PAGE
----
Essays on Taxation, Marriage, and Labor Supply
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My dissertation consists of three essays on labor supply responses, along the extensive margin (participation into the labor force) and along the intensive margin (intensity of work on the job). The first two essays focus on the labor supply responsiveness of single women with children to taxation and welfare programs. The third essay investigates the effects of marriage, the wage rate, and the associated tax rate on men's labor supply. In the first essay, to avoid bias from the fact that labor supply outcomes are being driven by self-selection, I build a dynamic stochastic discrete choice model to investigate the long run effects of the earned income tax credit and welfare policies on single mothers' labor supply. Simulated method of moments is used to estimate parameters of this dynamic model, based on March CPS data files from 1964 to 2013. I compare the performance of the dynamic stochastic discrete choice model, a static model, and a reduced-form model. My analysis concludes that the dynamic stochastic discrete choice model captures the simultaneous impact of the state variables on the predicted employment decision. My study provides evidence of the long-run positive effect of public policy on low income families in a life-cycle setting. This essay also emphasizes the importance of education in increasing single mothers' labor supply. The second essay is designed to identify factors that help single mothers leave TANF within a short span of time. I find strong evidence for the importance of child support assistance to single mothers' success in exiting TANF with a job. I uncover evidence that work-related activities do not induce TANF participants to leave within a short span of time. My analysis also suggests that health issues significantly limit the ability of single mothers to exit TANF. In the third essay, the main research question is how marital status affects the elasticity of the labor supply of males with respect to wages and taxes, in a life-cycle setting. A dynamic panel data model, which extends the literature on dynamic labor supply, indicates that the elasticity of men's labor supply with respect to wages and taxes is affected by marital status. The empirical results using the Panel Study of Income Dynamics (PSID) data show that men who are continuously married to the same wife have a lower average Frisch elasticity than others.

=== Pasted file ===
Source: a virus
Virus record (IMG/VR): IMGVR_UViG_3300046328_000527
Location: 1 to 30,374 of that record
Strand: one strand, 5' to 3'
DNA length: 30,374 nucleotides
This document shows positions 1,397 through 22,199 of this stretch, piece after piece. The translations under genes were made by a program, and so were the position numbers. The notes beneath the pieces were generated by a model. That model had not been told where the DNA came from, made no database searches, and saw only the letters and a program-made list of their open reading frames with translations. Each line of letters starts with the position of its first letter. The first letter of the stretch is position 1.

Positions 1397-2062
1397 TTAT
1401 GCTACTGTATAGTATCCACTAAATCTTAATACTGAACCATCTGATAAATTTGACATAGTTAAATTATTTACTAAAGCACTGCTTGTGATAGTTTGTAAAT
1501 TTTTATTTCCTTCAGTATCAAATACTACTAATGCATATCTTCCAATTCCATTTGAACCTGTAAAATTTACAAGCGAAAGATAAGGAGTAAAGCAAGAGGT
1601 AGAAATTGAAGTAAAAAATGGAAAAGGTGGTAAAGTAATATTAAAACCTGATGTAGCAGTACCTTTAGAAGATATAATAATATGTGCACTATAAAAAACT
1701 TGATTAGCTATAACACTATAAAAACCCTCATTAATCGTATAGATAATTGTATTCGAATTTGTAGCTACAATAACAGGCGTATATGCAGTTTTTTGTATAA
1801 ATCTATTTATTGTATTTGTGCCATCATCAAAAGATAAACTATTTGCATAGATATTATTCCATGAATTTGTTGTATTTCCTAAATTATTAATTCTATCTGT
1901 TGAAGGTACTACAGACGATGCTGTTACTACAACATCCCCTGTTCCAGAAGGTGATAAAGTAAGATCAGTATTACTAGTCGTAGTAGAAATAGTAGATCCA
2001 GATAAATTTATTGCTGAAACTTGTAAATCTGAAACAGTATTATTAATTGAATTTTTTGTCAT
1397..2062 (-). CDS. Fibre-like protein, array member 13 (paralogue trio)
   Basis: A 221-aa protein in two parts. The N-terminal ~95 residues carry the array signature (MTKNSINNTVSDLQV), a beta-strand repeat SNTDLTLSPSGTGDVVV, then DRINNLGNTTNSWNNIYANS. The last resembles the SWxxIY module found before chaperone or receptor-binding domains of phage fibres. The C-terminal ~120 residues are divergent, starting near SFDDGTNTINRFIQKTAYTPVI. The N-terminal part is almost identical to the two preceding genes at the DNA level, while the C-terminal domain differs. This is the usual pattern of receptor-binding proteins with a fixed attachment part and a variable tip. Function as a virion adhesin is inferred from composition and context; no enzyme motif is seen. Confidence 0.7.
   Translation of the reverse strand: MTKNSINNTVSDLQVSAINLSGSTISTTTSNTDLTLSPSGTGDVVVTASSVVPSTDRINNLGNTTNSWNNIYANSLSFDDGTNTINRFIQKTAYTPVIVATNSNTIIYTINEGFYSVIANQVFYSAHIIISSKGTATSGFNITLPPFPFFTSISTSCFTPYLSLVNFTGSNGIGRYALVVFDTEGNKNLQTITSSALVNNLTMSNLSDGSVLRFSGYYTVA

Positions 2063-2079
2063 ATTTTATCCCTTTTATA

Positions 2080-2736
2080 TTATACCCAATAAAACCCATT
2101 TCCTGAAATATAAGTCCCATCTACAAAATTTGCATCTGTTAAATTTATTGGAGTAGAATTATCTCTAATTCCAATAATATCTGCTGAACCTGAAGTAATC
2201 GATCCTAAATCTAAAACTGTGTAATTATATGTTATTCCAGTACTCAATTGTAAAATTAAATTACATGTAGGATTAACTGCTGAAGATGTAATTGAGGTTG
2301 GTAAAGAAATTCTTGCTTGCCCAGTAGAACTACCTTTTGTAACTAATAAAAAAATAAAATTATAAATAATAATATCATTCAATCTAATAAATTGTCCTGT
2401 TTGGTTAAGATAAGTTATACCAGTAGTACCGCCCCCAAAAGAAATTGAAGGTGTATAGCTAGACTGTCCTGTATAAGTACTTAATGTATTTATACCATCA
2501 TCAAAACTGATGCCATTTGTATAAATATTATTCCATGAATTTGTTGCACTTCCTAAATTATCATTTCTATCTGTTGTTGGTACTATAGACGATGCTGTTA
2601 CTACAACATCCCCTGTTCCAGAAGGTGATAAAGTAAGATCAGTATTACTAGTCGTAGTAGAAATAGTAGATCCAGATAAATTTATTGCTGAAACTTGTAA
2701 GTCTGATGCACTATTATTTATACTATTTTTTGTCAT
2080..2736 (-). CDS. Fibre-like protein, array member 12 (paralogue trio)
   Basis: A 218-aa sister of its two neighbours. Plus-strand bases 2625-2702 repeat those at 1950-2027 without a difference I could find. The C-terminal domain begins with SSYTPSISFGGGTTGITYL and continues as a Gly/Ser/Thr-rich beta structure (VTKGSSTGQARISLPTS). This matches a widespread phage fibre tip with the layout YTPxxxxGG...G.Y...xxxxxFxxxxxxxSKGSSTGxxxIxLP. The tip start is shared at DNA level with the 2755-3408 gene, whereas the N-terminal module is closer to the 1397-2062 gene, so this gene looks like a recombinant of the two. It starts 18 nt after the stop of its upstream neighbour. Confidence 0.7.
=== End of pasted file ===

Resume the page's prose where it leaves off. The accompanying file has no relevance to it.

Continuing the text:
- Doctoral Dissertations